Hotel Habana Riviera
|Hotel Habana Riviera|
Hotel Riviera (2007)
|Location||Paseo y Malecón
|Opening||December 10, 1957|
|Owner||Gran Caribe Grupo Hotelero|
|Design and construction|
|Architect||Igor B. Polevitzky|
|Number of rooms||352|
The Hotel Habana Riviera, also known as the Gran Caribe Habana Riviera, Hotel Riviera Havana or Havana Rivera, is located at the mouth of the Almendares River on the Malecón waterfront boulevard in Havana, Cuba. The hotel, which is managed by the Cuban chain Gran Caribe, was built in 1957 and still maintains its original 1950's style. It has twenty-one floors containing 352 rooms all of which feature views of the water and the Vedado neighborhood.
The hotel was originally owned by mobster Meyer Lansky who had been inspired to build it after visiting his friend, Moe Dalitz's nine-storey Riviera Casino on the Las Vegas Strip. It was intended to rival the comfort and contemporary luxury of any Vegas hotel of the era. The choice to build in Havana was because Lansky simply did not want to be subject to U.S. laws or the scrutiny of the FBI. The hotel was officially operated by the "Riviera de Cuba S.A. company", established in 1956. The original incorporation papers also listed the names of certain "Miami hotel operators", a Canadian textile company and several others. It was built at a cost of US $8 million, most of which was provided by the Bank for Economic and Social Development (BANDES), a state-run development bank set up by then President, Fulgencio Batista.
Lansky's investment partners included some of Las Vegas's biggest power brokers. Besides Dalitz were his old friends Morris Kleinman, Sam Tucker, Wilbur Clark of the Desert Inn (and Lansky's Hotel Nacional casino); Ed Levinson of the Fremont Hotel; Charles "Babe" Baron looking after Sam Giancana's interests and Hyman Abrams and Morris Rosen of the Flamingo Las Vegas (of Bugsy Siegel fame). As with all of Lansky’s dealings, he and his underworld associates’ ownership of the Riviera was hidden behind layers of managers and front men.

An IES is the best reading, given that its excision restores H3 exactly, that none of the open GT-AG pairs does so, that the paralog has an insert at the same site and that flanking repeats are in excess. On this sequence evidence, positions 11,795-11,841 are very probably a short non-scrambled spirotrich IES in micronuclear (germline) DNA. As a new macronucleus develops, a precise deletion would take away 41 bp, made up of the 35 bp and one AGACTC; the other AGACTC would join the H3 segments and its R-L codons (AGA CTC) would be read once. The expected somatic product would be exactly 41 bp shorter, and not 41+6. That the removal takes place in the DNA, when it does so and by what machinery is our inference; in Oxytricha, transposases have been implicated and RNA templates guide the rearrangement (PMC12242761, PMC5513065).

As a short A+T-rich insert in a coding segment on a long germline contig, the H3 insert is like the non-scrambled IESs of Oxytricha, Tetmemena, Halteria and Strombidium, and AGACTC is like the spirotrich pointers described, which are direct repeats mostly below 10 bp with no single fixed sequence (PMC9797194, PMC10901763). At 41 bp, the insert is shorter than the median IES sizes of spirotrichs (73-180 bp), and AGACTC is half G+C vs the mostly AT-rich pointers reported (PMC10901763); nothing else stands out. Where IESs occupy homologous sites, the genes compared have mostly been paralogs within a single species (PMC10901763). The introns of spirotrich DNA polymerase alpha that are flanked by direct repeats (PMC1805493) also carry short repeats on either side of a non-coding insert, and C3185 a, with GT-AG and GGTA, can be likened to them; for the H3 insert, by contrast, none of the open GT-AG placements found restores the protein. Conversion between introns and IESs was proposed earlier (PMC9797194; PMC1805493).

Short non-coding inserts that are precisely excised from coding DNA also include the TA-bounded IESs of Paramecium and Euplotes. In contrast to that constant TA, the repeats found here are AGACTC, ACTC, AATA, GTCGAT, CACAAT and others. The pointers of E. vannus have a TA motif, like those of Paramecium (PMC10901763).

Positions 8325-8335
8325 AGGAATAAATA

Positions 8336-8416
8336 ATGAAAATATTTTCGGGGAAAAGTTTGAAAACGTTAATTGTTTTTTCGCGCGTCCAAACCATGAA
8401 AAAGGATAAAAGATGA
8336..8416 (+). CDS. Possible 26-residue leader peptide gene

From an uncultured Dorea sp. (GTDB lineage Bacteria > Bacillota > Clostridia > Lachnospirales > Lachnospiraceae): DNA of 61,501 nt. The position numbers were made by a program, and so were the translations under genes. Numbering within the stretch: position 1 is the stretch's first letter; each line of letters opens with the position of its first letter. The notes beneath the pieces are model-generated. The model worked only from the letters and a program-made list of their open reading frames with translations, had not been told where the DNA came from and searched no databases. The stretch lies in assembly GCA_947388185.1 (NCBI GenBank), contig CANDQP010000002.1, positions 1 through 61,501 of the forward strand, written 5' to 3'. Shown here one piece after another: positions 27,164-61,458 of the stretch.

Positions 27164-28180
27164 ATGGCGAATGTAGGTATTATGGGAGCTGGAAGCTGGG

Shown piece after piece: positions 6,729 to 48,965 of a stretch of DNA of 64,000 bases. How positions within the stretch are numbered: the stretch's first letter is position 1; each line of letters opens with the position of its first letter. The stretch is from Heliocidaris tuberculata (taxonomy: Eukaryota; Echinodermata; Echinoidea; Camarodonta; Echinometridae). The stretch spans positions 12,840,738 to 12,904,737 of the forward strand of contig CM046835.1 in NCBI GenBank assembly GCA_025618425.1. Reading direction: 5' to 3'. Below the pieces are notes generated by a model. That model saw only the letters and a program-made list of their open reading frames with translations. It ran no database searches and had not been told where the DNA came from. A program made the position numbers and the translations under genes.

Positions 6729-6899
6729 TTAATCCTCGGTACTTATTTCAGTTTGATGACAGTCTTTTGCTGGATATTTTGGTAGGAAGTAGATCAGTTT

In selecting an architect for the Riviera, Lansky initially approached Wayne McAllister, who was the prolific Los Angeles–based designer of Las Vegas's stylish Desert Inn, Fremont, and Sands hotels—all properties controlled by Lansky’s associates in the "Cleveland Gang". But Lansky's insistence that the hotel be completed in less than six months led McAllister to respectfully decline the offer. Instead, Igor Boris Polevitzky, one of the deans of Miami Modern architecture, took the job with Irving Feldman, who had a dozen prestigious hotels and apartment blocks to his credit in Miami Beach, serving as the project's general contractor. Original blueprints of the hotel were made in Miami by the Feldman Construction Corporation, as well as by the Cuban-based architect, Manuel Carrera Machado.
Lansky then hired Albert B. Parvin of the Parvin-Dohrmann Co. in Los Angeles to design the hotel's original decor. Parvin was an interior decorator whose only previous chief claim to fame in decorating was having laid carpets in many of the big hotels in Vegas. His main occupation was operating the Flamingo, a post he held between 1955 and 1960; nine years after Lansky himself agreed to Lucky Luciano's demands that a hit be put out on the casino's would-be original operator, Bugsy Siegal at the infamous Havana Conference. Lansky also hired two of Cuba’s great artists, muralist Rolando Lopez Dirube and sculptor Florencio Gelabert, who designed the white marble sculptures of an intertwined mermaid and swordfish that fronts the entrance porte cochere, and "Ritmo Cubano" (Cuban Rhythm), a large lobby sculpture that depicts twirling male and female dancers rendered in bronze. Between them, the three men deftly captured the marine outdoor atmosphere.